Council conduct fuels gallery comments and words exchanged between citizen and alderperson
By Lori Adler, reporter
The Rhinelander common council met Monday night amidst controversy regarding the conduct of city officials. Last week a charged conversation between alderperson Dawn Rog and Mayor Chris Frederickson in the mayor’s office at city hall led to allegations of misconduct. Rog sent out a press release with her version of the events, while Frederickson contacted local authorities with his side of the confrontation. At this point, it is unclear if any charges will be filed.
Though discussion of this situation was not planned for Monday’s meeting, the creation of an ethics board was on the agenda, and this fueled about 45 minutes of public comments at the beginning of the meeting. Comments from the gallery also referenced the altercation between Rog and Frederickson as well as other events in the past that involved Rog. While some comments were concerning other agenda items, the majority of citizen remarks were regarding the personal conduct of council members and support for the creation of an ethics board.
Alderman Steve Sauer made a citizen comment on absenteeism among council members, stating, “I have great concerns about the number of regularly scheduled meetings that are being missed. This council approved the meeting schedule in January which should have given all of us time to schedule our lives around this commitment.”
Sauer noted that there has been a total of 17 meetings so far this year; however, according to Sauer, six members of the council have only collectively missed one meeting, while two other members have missed five meetings each.
“This is an attendance rate of just over 70 percent, a level of representation that is entirely unacceptable and a slap in the face of the constituents of these districts who are left without representation at almost one-third of the regular meetings,” Sauer said.
Following the public comment portion, the council continued through the agenda, but the meeting was not without further controversy. During an educational budget and levy presentation by city administrator Daniel Guild, a citizen stood up in front of the council and confronted Rog, asking if Facebook was more important than listening to the presenter since the citizen had noted a recent post on Facebook by Rog while in attendance of the meeting.
Rog called the incident “harassment” and replied to the citizen, “Oh go back to jail where you came from.”
The comment was met with many remarks from the gallery. The mayor called order among the council and gallery, and the rest of the meeting progressed without further incident.
Ethics code and board
Guild started the ethics board conversation with stating that he has gathered samples from various cities in Wisconsin and placed those on the city’s cloud drive for council review. He also pointed out that the new city attorney, Steve Sorenson, is a national scholar and presenter on the topic of ethics, so his expertise will be helpful to the council as it begins working through the creation of an ethics board and update of the city’s ethic code.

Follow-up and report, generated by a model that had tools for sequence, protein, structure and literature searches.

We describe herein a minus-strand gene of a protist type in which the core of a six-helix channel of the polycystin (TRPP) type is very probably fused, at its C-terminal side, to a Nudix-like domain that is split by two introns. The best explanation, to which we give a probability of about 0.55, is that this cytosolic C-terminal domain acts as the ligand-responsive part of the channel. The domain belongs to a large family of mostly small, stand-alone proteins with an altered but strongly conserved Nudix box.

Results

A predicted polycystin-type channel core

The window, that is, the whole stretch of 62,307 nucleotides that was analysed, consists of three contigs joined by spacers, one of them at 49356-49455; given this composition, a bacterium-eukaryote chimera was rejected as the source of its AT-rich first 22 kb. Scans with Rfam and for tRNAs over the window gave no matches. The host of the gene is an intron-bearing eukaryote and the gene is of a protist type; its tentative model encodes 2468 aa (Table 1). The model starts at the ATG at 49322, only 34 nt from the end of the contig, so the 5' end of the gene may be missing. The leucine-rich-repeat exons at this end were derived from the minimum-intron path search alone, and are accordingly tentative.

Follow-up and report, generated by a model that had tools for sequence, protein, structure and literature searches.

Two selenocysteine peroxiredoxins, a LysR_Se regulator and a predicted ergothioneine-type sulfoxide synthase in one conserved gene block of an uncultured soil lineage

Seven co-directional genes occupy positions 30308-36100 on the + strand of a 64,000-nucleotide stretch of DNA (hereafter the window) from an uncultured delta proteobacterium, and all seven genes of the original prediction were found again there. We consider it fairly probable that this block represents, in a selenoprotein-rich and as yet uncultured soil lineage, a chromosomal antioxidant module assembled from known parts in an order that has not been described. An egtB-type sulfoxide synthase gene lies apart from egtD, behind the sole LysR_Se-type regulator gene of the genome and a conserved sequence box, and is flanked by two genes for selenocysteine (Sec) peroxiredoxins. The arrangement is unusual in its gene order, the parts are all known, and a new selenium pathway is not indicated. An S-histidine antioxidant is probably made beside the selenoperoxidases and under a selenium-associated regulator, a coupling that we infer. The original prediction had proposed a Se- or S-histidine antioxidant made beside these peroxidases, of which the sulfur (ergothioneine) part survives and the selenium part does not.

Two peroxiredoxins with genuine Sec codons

Talk among council members resulted in a motion to begin taking applications for the ethics board. Discussion ensued about the inclusion of business and property owners (who may not be Rhinelander residents) as well as citizen of the city.
Sorenson remarked that it would really be more important to create an ethic code resolution before creating the board. The council was in agreement, so the motion to start taking applications for the board was rescinded.
“I would hope that maybe we could wait and continue this conversation to get more information together,” Alderperson Rog stated, adding, “I think Mr. Sorenson had a very good idea; maybe we’re putting the cart before the horse. And that we all have time to think about this and we bring this back. I do think it’s very important that we have it especially with the situation that we have going on here.”
Frederickson replied, “I did address this two weeks ago for us to start looking into this.”
Sauer made a motion to direct city staff to begin constructing a draft ethics code resolution based upon a model done by the community of Green Bay, adding “I’m just looking for a starting point.”
The council then passed the motion to begin the process.
GHD contract renewal
City administrator Guild stated that it’s been discovered that the contract with GHD, the firm that performs compliance monitoring of the former landfill, was out of date and needed revisions. Working with an environmental attorney, the contract has been updated to current standards and now just awaits the approval of the city council, which is the last of the Landfill Group to approve the document. Guild noted the contract is posted on the city’s cloud drive for review.